High Anxiety

Cheryl Stearns and her quest to break the free fall record.

High Anxiety

Joe Kittinger leaps from 102,800 feet on August 16, 1960.

Forget about bungee jumping. Forget about skydiving from an airplane. How about leaping from a balloon gondola at an altitude of 130,000 feet? Those of you with a fear of heights might be aghast, but it’s true. Sometime in the next two years, Cheryl Stearns, a 46-year-old US Airways captain and 21-time U.S. women’s parachuting champion, will attempt to free fall from 24 miles above the earth. Is Stearns simply taking extreme sports to a new level? Hardly. With considerable technological hurdles to overcome, Stearns says the mission—dubbed Stratoquest—is dedicated to scientific research and education.

Wing and a Prayer
On one hand, Stearns isn’t entering totally uncharted territory. In 1960, U.S. Air Force project engineer Joe W. Kittinger, Jr. made an experimental jump from 102,800 feet, a mark that still stands as the high altitude record. According to Stearns, Kittinger’s jump was gutsy, if not downright crazy, noting that skydiving was still in its infancy at the time, and that scientists had less than complete knowledge of atmospheric conditions. “He is very lucky to have survived,” claims Stearns. “He went into the unknown. They hadn’t put a man on the moon yet and he was in an environment they didn’t know about,” she says.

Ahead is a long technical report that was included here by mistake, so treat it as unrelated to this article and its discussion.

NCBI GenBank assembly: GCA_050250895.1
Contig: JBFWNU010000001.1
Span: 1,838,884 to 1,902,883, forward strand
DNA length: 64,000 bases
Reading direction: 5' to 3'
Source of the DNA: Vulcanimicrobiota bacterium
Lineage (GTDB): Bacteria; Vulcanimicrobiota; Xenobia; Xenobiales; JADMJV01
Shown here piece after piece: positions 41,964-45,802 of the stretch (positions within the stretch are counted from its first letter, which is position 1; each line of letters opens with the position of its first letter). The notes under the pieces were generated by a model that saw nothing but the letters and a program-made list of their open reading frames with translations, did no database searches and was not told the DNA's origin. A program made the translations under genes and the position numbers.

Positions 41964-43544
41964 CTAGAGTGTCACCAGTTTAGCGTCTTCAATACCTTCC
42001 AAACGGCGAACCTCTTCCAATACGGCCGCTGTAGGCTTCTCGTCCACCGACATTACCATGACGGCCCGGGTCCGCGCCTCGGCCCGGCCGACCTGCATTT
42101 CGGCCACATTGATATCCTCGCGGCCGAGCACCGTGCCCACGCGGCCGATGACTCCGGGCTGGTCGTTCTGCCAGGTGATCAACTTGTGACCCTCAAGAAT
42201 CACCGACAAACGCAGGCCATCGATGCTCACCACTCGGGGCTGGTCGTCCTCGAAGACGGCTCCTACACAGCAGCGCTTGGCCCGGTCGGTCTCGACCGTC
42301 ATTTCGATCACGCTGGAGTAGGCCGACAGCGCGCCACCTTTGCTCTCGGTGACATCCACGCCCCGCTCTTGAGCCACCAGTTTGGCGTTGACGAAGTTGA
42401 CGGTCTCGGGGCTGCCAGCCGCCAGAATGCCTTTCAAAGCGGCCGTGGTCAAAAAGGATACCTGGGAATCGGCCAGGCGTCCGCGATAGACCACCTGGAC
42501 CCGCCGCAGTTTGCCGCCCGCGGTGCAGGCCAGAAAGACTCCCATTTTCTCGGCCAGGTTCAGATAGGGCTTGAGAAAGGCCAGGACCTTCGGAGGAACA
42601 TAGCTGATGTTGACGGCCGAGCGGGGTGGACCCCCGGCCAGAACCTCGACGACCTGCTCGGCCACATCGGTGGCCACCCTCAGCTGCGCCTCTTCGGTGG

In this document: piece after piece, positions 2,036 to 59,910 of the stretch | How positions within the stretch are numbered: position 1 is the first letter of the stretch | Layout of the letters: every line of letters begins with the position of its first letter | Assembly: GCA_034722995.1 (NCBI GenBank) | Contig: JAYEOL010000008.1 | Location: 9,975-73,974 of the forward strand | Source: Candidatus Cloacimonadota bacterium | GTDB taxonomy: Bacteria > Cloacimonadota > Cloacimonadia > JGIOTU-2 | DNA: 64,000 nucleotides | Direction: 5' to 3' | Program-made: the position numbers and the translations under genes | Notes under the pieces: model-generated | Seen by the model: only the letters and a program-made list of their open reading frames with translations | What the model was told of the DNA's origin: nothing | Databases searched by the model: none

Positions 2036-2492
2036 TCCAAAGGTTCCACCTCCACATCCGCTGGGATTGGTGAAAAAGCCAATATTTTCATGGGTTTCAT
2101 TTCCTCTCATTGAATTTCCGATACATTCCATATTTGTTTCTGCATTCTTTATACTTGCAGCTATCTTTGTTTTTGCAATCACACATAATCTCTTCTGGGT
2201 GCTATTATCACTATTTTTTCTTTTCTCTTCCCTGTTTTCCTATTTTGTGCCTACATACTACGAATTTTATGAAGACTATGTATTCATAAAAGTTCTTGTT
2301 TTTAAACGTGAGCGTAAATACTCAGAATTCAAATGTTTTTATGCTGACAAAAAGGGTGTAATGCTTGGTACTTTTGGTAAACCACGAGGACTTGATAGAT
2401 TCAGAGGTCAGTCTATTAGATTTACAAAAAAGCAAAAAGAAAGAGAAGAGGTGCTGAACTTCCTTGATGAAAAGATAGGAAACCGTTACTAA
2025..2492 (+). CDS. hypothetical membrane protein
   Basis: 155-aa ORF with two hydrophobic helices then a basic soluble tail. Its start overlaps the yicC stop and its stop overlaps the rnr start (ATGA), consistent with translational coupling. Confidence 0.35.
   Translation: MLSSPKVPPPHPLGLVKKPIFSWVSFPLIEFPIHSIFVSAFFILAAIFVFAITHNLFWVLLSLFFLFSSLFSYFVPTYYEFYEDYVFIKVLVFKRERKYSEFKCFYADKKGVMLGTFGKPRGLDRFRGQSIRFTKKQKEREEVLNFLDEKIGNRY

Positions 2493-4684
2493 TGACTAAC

In contrast, Stearns notes that she has extensive skydiving experience and a host of innovations to aid her training. Not only has Stearns executed more jumps than any woman in the world, she is the world record holder in women’s accuracy parachuting and the first female member of the U.S. Army’s Golden Knights parachute team. “I’ve got over 120 hours of free fall time in the air,” reminds Stearns. “Joe had some 30 jumps to his name [in 1960].” Also, scientific advancements now allow Stearns to simulate the conditions she might experience at high altitudes. “Forty-two years later we’re in a different situation,” claims Stearns. “With chambers and wind tunnels we have a really good idea what it will be like.”

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